Add ons for further efficiency abound. Add algal fuel production as a CO2 sink for the stack emmissions from the pyrolysis plant. Grow a food crop like corn or wheat and use the straw and chaff for pyrolysis. Char should be a byproduct of another process to be truly an answer to the carbon sequestration issue.

As far as growing goes, carbon is carbon; the plants don't care as long as it is plant available or holding nutrition that is... but taiga is a lot of carbon on the hoof, too much to be putting back in the atmospheric loop in a hurry IMO...
 
Joel Hollingsworth
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I don't think US forests need to be left alone.

IMOO, we humans took on some responsibility when we killed off the new world pachyderms, and took on still more when we killed the vast majority of beavers.

Related: Homegrown Evolution reviews a book on large-scale land management efforts in pre-gold-rush California.
 
Jordan Lowery
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joel the book tending the wild is an amazing book, i borrowed it from a friend and need to get my own. i learned of it from a book i have called "California Indians and there environment" this book says that even before we came and killed off a lot of animals, destroyed ecosystems and more. the Indians managed the land  to get the most productivity out of a given area. somewhere in my book it says that land managed (usually by fire, but much much more) was up to 400% more productive than land they did not manage( which was rare). giving them an enormous amount of food and materials for everyday living, building, medicine, and just about everything a person would need.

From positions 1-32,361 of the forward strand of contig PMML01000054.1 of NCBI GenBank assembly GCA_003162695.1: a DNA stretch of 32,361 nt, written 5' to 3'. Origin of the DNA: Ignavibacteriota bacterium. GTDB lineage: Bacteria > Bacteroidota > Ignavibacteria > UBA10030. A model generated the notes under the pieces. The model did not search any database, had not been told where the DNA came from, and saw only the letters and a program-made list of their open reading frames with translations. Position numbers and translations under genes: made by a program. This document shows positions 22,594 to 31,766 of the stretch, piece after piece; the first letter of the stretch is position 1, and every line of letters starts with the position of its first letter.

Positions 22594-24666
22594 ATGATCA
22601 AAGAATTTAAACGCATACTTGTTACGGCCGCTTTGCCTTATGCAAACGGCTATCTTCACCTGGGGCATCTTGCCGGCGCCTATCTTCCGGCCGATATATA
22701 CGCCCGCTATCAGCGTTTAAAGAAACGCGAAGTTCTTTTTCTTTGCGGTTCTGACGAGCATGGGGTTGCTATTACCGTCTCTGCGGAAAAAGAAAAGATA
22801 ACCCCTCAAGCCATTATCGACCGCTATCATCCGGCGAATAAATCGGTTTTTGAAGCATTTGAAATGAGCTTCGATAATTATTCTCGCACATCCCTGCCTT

Scott Reil
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Native burns are not just a Cali thing; certainly a part of the forest management here in the Northeast as well. Even at my Mom's I can dig down about a foor and hit a charcoal layer from a long ago burn just about anywhere in the yard. Carbonized wood chunks from hundreds of years back... can't do that with huglekultur...

S
 
Leif Kravis
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regarding the pottery, the shards make sense, build a clay pot, put the wood in it , build a fire around it and then break it and bury it. the fired clay is also porous and would wick and hold moisture and nutrients. just an observation, they used low tech.
 
Joel Hollingsworth
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soil wrote:this book says that even before we came and killed off a lot of animals, destroyed ecosystems and more. the Indians managed the land


The "we" in "we killed off the new world pachyderms" was referring to we humans in general, and not to Euro-Americans. It seems like pachyderms died out on this continent around the time of the first or second wave of human colonization. I forget if it was the Clovis culture, or the culture they displaced.